Each year, guests have been invited to appear in conversation on BBC Radio 3, introducing them and their books to an even wider audience. Additionally, their British publishers will often arrange interviews or additional events for guests in order to promote their books while they are in the UK. There is a strong culture of readings and book events in the UK, and publishers and readers expect writers from around the world to take part. In many cases, it’s also the first time the author has got the chance to meet their British publisher and translator.

After a Friday night opening party at Foyles attended by all guests and everyone involved in the festival—from organizers to sponsors such as the Japan Foundation—most authors went off to explore the nearby Chinatown and pubs.

The main event at the British Library was well-attended—the highest number of audience members since Japan Now began. There was a sense of excitement and nervousness in the green room before the day began, as guests and panel chairs huddled together to discuss how to structure their sessions. One of the guiding principles of Japan Now is the concept of putting people who might not otherwise talk to each other—authors, journalists and artists, for example—together to create conversations across artforms and genres.

The first session featured artist Suzanne Mooney, journalist and author Richard Lloyd Parry and filmmaker Kyoko Miyake, discussing 3.11 and their roles as outsiders whose work involves Japan. Lloyd Parry, the Times’ correspondent in Japan, has recently written a book called Ghosts of the Tsunami: Death and Life in Japan’s Disaster Zone (『津波の霊たちーー3・11 死と生の物語濱野 大道 (翻訳)) focusing on the people he met in Fukushima after the disaster, and Miyake, who lives in London, traveled back to Japan to make a documentary (『波のむこう』) about her family in Namie, Fukushima. Both Lloyd Parry and Mooney spoke of the freedom that being a foreigner in Japan gives them in their work compared to Japanese artists and journalists, while Miyake described the way that living abroad gives her a similar freedom to escape social expectations both in Britain and Japan.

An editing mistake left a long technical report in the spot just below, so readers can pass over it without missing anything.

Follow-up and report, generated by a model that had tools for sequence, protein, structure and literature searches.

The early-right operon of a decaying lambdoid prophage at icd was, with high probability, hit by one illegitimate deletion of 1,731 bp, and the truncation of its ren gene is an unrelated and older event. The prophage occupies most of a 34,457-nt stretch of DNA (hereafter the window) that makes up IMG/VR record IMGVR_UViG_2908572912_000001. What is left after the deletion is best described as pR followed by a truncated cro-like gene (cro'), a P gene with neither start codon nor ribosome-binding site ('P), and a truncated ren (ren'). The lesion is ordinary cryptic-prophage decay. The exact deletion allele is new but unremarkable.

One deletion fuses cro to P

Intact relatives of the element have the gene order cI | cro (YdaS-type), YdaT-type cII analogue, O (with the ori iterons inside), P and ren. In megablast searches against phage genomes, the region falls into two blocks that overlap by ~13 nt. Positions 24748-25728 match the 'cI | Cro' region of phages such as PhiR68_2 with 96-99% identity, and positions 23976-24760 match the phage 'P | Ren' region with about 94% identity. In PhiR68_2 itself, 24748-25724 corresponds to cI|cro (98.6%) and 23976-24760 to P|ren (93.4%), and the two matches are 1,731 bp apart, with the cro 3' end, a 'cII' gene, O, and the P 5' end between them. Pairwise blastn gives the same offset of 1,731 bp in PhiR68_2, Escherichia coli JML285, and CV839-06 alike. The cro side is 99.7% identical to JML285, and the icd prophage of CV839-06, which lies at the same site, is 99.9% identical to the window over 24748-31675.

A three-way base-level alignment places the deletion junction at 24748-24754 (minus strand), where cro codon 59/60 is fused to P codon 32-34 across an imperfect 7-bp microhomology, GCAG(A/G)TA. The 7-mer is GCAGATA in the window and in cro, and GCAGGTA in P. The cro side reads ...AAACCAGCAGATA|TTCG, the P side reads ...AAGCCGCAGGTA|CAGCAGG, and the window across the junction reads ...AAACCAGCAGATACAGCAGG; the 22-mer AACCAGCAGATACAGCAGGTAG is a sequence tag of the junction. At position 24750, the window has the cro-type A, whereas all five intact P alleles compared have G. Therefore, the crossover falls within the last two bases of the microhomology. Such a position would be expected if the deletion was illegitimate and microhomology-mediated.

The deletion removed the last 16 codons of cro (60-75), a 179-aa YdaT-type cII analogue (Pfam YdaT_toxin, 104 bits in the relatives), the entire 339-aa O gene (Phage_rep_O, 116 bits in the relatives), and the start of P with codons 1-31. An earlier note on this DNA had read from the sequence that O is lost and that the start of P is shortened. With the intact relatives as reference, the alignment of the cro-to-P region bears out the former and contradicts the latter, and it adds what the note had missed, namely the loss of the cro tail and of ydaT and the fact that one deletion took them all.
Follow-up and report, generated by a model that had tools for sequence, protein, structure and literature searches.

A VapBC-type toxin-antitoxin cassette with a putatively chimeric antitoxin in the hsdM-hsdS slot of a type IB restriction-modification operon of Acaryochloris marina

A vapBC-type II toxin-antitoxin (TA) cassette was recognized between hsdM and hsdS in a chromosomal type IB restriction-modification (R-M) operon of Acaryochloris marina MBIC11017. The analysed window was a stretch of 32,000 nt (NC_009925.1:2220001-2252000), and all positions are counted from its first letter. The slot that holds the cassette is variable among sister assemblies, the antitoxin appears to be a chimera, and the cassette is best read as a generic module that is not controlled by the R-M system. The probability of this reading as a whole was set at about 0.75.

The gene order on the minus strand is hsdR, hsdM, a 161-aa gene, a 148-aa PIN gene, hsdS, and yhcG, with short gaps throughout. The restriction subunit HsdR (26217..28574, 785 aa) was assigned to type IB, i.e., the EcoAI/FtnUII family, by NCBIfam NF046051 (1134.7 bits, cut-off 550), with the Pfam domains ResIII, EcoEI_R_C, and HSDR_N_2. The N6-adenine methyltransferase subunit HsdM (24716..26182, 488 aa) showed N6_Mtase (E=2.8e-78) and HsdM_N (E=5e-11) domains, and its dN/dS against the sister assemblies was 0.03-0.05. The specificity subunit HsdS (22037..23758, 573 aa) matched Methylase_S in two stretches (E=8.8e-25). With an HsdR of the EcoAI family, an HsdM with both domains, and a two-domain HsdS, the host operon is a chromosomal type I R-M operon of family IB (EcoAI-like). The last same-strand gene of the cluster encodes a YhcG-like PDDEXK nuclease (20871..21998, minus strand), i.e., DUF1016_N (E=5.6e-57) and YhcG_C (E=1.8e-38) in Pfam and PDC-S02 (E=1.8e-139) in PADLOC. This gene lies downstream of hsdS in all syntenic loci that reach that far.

In the second session, Hoshino Tomoyuki and Okada Toshiki discussed those same social expectations and questions of identity affecting young people not just in Japan but around the world. Okada’s work with Chelfitsch has found audiences globally, and now his novel The End of the Moment We Had (『わたしたちに許された特別な時間の終わり』, translated by Sam Malissa) has appeared in English, bringing its story of two young people holed up in a love hotel as the War in Iraq begins to a new audience. Hoshino and Okada’s conversation touched on social media and how it is an online extension of the everyday, as well as how to live in a society that sees public expression of real emotions as an imposition on others. Both emphasized the need for people, especially young people, to remember that they are not replaceable parts of society but individuals who deserve the freedom to express themselves.

Then, it was time for lunch. In the green room where we all gathered for sandwiches and coffee, guests were carrying on conversations from the earlier sessions, finding new strands of thought as they discussed each other’s work and opinions. In this moment, it was wonderful to stand back and watch this group of talented people being excited by each other’s ideas. This is, to me, another one of the things that makes Japan Now so special to be a part of: we are not simply bringing Japanese creatives to Britain, we are also bringing them together, full stop. We don’t know what friendships or collaborations may emerge from bringing authors and visual artists together in a foreign country, but it creates a distinct energy.